Serbian human rights groups urged the new government to refrain from firing central bank Governor Dejan Soskic, saying his ouster would be illegal.
Prime Minister Ivica Dacic’s Cabinet, sworn in on July 27, said it would replace Soskic if he resists government efforts to stimulate growth through expansive fiscal policies. Soskic vowed on July 16 not to resign, leaving his removal possible only through constitutional procedures. NIN weekly magazine wrote on July 25 that the government will seek to amend the central bank law within a week or two to remove Soskic.
“With the adoption of a new law on the National Bank of Serbia, with the aim of replacing the governor, the ruling coalition will grossly violate the rule of law in Serbia and fully degrade the status of all independent institutions and regulatory bodies,” organizations including Civic Initiatives, the Belgrade Human Rights Center, the Lawyers’ Committee for Human Rights, the Helsinki Committee for Human Rights in Serbia and the Policy Center, said in an e-mail.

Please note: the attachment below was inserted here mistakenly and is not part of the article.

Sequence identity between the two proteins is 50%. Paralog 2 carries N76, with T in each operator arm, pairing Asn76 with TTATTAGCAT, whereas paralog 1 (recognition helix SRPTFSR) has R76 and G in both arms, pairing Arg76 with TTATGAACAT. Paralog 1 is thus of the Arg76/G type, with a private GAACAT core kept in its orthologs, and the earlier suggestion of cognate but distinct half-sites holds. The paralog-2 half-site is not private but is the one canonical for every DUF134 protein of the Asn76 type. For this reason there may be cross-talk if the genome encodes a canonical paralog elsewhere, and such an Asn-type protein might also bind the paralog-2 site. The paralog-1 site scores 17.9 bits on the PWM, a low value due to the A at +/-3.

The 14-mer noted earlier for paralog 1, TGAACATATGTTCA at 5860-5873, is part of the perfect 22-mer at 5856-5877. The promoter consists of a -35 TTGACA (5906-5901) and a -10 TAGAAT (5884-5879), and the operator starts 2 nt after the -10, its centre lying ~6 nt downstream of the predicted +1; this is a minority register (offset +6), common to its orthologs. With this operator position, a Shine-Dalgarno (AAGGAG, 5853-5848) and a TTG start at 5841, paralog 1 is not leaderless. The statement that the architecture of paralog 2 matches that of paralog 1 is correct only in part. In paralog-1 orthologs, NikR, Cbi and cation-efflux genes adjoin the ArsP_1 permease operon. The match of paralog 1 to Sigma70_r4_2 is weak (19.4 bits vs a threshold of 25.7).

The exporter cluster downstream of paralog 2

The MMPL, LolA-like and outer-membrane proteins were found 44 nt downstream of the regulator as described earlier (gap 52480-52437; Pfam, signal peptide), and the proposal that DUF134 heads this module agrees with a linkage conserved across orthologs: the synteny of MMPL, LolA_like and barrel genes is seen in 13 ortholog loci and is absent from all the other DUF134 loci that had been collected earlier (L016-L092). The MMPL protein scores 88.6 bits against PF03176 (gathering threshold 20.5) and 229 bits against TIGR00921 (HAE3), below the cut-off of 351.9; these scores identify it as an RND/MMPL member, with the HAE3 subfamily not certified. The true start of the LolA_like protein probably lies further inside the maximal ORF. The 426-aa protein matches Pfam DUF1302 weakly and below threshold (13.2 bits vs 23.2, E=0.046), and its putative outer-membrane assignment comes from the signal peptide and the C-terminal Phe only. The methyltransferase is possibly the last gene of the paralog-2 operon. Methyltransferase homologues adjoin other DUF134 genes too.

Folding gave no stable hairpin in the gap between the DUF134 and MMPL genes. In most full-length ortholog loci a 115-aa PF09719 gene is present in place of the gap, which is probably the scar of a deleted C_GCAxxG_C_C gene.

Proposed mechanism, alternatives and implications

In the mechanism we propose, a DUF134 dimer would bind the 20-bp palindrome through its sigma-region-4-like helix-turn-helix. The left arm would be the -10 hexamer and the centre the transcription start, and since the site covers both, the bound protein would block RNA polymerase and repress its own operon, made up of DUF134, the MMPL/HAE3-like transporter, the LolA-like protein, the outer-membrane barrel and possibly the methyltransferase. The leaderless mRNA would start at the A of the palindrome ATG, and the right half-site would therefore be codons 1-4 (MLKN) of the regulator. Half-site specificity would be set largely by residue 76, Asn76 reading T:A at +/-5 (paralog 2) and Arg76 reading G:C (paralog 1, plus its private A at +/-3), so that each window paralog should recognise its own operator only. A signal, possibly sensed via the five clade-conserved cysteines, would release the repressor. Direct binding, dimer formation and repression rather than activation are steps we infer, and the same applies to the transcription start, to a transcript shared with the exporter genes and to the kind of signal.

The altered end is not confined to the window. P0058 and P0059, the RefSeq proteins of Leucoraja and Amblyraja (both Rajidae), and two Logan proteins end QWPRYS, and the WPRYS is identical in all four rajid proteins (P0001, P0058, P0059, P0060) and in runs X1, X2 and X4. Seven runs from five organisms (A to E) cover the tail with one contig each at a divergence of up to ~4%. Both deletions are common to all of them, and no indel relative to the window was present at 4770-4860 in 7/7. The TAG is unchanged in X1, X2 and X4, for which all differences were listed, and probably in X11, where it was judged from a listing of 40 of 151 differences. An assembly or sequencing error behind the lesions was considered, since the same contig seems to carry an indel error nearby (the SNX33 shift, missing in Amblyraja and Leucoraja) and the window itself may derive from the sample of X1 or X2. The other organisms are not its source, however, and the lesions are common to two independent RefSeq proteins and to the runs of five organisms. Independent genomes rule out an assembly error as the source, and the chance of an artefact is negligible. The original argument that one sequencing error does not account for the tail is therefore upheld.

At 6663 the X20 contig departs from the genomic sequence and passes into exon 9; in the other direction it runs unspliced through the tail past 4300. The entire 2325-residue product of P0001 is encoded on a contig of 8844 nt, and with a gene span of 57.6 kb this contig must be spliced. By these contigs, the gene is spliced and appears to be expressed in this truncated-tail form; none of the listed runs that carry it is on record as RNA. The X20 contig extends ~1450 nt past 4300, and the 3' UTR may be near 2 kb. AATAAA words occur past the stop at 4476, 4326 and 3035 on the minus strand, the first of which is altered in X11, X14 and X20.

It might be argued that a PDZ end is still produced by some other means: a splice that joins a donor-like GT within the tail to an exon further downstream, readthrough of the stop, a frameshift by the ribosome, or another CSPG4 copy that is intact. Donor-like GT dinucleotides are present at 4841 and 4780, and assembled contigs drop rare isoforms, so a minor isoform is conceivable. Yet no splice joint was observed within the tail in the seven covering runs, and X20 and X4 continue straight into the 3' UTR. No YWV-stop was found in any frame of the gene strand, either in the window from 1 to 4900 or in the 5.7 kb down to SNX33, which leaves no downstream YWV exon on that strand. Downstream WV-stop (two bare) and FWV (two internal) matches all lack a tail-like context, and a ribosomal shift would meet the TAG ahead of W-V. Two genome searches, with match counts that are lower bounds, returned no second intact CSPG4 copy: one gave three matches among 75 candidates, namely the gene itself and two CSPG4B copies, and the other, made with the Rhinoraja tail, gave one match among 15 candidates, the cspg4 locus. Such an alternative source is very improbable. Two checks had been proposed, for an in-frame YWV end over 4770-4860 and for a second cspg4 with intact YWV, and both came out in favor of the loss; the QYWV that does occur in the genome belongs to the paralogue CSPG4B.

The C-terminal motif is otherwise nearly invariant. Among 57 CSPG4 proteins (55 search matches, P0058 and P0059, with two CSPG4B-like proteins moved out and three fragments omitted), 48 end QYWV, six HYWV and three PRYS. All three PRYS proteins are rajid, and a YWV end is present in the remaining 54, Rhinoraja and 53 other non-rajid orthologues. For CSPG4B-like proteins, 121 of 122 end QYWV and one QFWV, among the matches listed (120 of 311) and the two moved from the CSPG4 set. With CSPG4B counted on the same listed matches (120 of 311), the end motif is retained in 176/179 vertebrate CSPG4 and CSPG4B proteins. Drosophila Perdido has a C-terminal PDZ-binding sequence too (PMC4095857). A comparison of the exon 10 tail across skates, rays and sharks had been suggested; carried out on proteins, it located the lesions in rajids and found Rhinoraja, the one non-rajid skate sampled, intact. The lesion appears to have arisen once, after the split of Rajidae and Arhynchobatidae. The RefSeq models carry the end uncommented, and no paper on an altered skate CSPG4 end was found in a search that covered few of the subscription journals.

The governor is elected to a six-year term after being nominated by the president and confirmed by Parliament. He can be replaced if permanently incapacitated for health reasons, sentenced and jailed for a crime, or if it’s established that his “unprofessional” performance and “serious misconduct” keeps the bank from “accomplishing its primary objective,” according to the central bank law.
Since the fall of Slobodan Milosevic in 2000, two central bank governors have been dismissed by new governments who took office and changed laws, while one resigned over a disagreement on fiscal policies and the need for public-sector reforms.
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